Bindrunes – Alan Fuller | The Shaman Witch


Have you ever used Bindrunes?

Bindrunes are one of my favorite, simple methods of working.

A Bindrune is a symbol made by combining two or more runes into one pictorial image.

It can represent a practical goal that you’re attempting to achieve – or a step on the way to that goal. Or it can also be a sort of magical monogram. This latter type is made by combining initials of a person’s name, in runic alphabet. Be we’ll focus on the practical Bindrune for this post.

We call this alphabet a “futhark.” I typically stick with the Elder Futhark.

To create a Bindrune, first, write out your statement of intent. Make it positive, and present-tense. Meaning: leave out all words like no, not, don’t, etc. Make it a positive statement. And then word it so that you are being, doing, or having what you want to be, do, or have, right now, in this moment. In other words, no, “I will ___.” Instead, it’s, “I am ___,” or, “I have ___,” or, “I ___.”

Next, take out all meaningless or extraneous words. As an example, if your statement is, “I have a new house,” extraneous words are I, and a. Removing those would leave you with “have new house.”

Once you’ve boiled it all down to a simple, concise statement, take the first letter of each word and find the corresponding rune. Then combine these to form a simple, recognizable symbol. This is your Bindrune.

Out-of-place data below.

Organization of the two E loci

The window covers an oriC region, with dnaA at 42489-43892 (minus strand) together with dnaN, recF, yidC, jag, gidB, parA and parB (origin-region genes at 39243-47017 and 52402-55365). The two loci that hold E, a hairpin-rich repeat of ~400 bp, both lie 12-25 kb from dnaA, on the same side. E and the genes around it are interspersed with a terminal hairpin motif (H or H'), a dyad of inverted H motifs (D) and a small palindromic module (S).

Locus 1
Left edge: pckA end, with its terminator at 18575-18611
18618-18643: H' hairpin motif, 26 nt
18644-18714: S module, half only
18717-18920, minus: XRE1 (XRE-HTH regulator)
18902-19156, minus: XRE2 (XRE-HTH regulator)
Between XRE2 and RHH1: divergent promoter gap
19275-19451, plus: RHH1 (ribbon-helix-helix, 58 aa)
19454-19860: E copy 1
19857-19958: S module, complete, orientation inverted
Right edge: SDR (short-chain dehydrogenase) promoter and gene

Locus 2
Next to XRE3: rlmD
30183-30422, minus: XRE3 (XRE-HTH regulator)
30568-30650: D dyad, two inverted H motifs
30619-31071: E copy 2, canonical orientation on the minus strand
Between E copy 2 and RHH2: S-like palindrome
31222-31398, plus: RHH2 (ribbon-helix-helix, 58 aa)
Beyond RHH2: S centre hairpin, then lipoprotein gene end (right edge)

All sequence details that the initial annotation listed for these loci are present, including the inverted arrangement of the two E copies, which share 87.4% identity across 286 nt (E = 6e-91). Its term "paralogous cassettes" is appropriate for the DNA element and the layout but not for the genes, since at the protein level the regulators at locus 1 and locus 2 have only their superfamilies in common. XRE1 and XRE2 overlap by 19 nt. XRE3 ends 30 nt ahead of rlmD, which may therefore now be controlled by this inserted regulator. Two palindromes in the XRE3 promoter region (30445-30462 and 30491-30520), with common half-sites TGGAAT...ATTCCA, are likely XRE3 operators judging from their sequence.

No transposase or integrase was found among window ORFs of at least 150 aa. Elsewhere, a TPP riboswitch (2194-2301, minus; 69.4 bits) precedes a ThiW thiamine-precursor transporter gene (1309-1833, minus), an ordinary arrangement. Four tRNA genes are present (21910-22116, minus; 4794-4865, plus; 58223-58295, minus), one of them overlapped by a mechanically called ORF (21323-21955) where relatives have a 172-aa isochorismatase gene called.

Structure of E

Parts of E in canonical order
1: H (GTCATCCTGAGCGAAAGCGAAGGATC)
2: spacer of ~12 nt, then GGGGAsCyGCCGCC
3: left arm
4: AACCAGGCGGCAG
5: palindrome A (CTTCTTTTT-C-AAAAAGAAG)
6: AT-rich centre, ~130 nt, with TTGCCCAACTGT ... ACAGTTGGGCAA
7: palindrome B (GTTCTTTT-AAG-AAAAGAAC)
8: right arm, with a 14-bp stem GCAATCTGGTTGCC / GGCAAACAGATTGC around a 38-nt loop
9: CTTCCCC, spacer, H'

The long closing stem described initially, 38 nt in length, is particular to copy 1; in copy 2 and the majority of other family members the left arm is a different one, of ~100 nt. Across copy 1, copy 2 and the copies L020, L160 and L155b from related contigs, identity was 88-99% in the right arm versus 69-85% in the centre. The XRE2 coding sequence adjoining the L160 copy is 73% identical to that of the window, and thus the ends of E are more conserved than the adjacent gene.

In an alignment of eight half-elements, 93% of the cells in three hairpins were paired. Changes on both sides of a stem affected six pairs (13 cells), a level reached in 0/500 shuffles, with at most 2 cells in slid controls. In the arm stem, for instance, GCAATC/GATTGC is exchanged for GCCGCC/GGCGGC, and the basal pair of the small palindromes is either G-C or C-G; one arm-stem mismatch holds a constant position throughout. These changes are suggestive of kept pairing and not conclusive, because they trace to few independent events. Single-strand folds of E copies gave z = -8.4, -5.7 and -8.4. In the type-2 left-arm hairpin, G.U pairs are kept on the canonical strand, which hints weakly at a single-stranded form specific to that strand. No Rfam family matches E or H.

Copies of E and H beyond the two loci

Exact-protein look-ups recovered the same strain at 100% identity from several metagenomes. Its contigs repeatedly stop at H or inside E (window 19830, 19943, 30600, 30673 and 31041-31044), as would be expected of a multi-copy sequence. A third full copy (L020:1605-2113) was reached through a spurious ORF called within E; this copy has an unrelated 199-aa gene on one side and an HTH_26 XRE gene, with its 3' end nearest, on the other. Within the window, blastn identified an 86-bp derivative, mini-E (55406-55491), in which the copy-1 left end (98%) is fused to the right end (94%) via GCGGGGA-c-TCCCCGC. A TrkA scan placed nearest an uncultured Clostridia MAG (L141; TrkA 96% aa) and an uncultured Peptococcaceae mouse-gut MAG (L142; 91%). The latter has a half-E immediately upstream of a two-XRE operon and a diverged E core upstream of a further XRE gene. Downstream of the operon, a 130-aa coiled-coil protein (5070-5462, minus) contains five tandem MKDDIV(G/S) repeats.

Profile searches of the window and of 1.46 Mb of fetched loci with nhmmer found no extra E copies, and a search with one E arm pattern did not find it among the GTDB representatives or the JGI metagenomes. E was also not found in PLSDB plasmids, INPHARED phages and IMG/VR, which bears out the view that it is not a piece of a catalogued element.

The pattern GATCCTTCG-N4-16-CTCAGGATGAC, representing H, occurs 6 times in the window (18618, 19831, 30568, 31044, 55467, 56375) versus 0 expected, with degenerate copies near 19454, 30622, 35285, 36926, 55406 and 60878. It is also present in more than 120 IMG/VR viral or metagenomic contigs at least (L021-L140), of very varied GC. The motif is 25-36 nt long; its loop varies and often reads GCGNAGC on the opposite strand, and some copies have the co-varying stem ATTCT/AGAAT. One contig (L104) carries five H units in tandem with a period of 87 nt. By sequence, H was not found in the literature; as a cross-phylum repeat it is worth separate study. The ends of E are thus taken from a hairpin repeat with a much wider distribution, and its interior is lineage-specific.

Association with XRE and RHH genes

I used the Bindrune technique for one of my annual goals this year. It was, “I have one hundred newsletter subscribers.” I removed the words, “I have,” to leave me with, “one hundred newsletter subscribers.” I then took the O, H, N, and S, and found the corresponding runes. And then combined them for a single, usable Bindrune.

You can cast or throw a Bindrune in any number of ways. But I find that the simplest methods are often the best methods, as far as my results are concerned. I use the following two methods almost exclusively, every time I cast a Bindrune.

In the first method, I buy a seven-day glass-encased candle, and use a permanent marker to draw the Bindrune on the glass. I may use a specific color, depending on my intent (red for passion, green for abundance, etc.) Then I just burn the candle a little bit each day until the candle is done. Once it’s finished, I usually break the glass and bury it.

In the second method, I’ll draw the Bindrune on a piece of fabric, or a piece of paper. I choose paper of the appropriate color for the goal, and use a black marker to draw the Bindrune.Most of the time, I bury it, but I have been known to burn it for release, as well.

Both methods, as simple as they are, are about releasing the power to do it’s work. Burning the candle to completion in the first method is a manner of charging the Bindrune for it’s work. In the second method, your intent should be focused on the Bindrune’s purpose while drawing or painting it.

I’m sure you can come up with some creative ways to use deploy your Bindrunes. Regardless of exactly how you do it, Bindrunes are a quick, simple method of getting the job done.

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